“All men watch porn”, says Jon Martello (Joseph Gordon Levitt), protagonist and ladykiller extraordinaire in the new movie, “Don Jon.” Preferring the comforts of pornography to those of real women, Jon eventually comes around to realizing life is better outside of the comforts of his life immersed in digital stimulation. His main motivation, as he says, “is to lose myself,” in porn, something he isn’t able to achieve during sex with women.
“Don Jon” does a fantastic job of looking at the very 21st century problem of many men: that widely available, at-your-disposal porn of all varieties has grabbed a hold of men, and provided a convenient escape from the trappings of having to deal with women. It looks at the ways men compartmentalize their sexual needs. Jon has the things that are most important to him: church, family, his girls, his guys, his car, his apartment… and his porn.
Having relationships is messy, as Jon has found out with Barbara (Scarlett Johansson). At first, the “dime,” as she’s referred to (meaning a “10”) is “the most beautiful thing I’ve ever laid eyes on,” croons Jon. Over time, he gets trapped in a bad relationship, after Barbara catches him using porn a second time, and lying about it. She dumps him, and he’s back to watching porn and picking up women with his buddies at the local club.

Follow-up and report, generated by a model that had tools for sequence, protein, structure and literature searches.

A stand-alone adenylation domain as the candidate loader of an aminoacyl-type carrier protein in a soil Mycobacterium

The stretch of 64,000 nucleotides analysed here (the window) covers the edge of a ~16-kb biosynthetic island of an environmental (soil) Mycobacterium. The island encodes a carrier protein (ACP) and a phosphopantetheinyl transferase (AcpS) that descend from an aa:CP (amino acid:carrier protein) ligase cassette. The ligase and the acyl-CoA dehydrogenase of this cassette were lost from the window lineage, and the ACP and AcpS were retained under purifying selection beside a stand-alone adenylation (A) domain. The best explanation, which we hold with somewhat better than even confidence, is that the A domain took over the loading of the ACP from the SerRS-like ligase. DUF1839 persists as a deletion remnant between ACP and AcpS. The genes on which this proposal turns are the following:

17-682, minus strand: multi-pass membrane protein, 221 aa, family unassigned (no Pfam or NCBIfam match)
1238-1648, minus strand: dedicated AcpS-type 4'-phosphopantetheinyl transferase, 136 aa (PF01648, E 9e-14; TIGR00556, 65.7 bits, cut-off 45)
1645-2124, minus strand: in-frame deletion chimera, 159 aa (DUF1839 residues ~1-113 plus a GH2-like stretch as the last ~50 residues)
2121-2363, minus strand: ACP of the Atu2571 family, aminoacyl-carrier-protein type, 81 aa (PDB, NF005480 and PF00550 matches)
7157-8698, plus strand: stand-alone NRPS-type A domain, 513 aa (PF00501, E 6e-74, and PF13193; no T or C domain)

What I liked is that it portrayed the idea that porn as this very secretive world for men, and misunderstood by women, like Barbara. Porn is clean, strings free, and allows men to immerse themselves in a world to “get lost in.” It provides men the same variety as, say, women experience with shoe shopping, but also comes with many costs. Esther, played by Julianne Moore, is an older woman who Jon meets in night school, and teaches him that porn is quite artificial, at least the porn that he finds stimulating. She teaches him that you can get lost in sex with real women, and not just artificially-created, instant porn. Jon learns how to have intimacy in his sex with Esther, after being dumped by Barbara, and learns that sex is multidimensional and part of making contact with someone else. Instead of just focusing on meeting his own needs during sex, he learns that to lose himself is to also open up to giving sexually to his partner.
I think it’s easy for men to get lost in the one-dimensional quality of porn use, and forget to actually connect with real women. Men who are in relationships often leave a neglected partner feeling rejected and frustrated, as men withdraw and hide behind their laptops or devices to watch it. There’s a lack of real human connection, which for many men can be difficult, confusing, frustrating and can set them up for feeling like failures.
“Don Jon” opens up the secret world of men and pornography in an honest way. It brings the conversation to the table about porn use versus connecting with real women, and about how selfishness and prioritizing our own needs first leaves us alone and disconnected.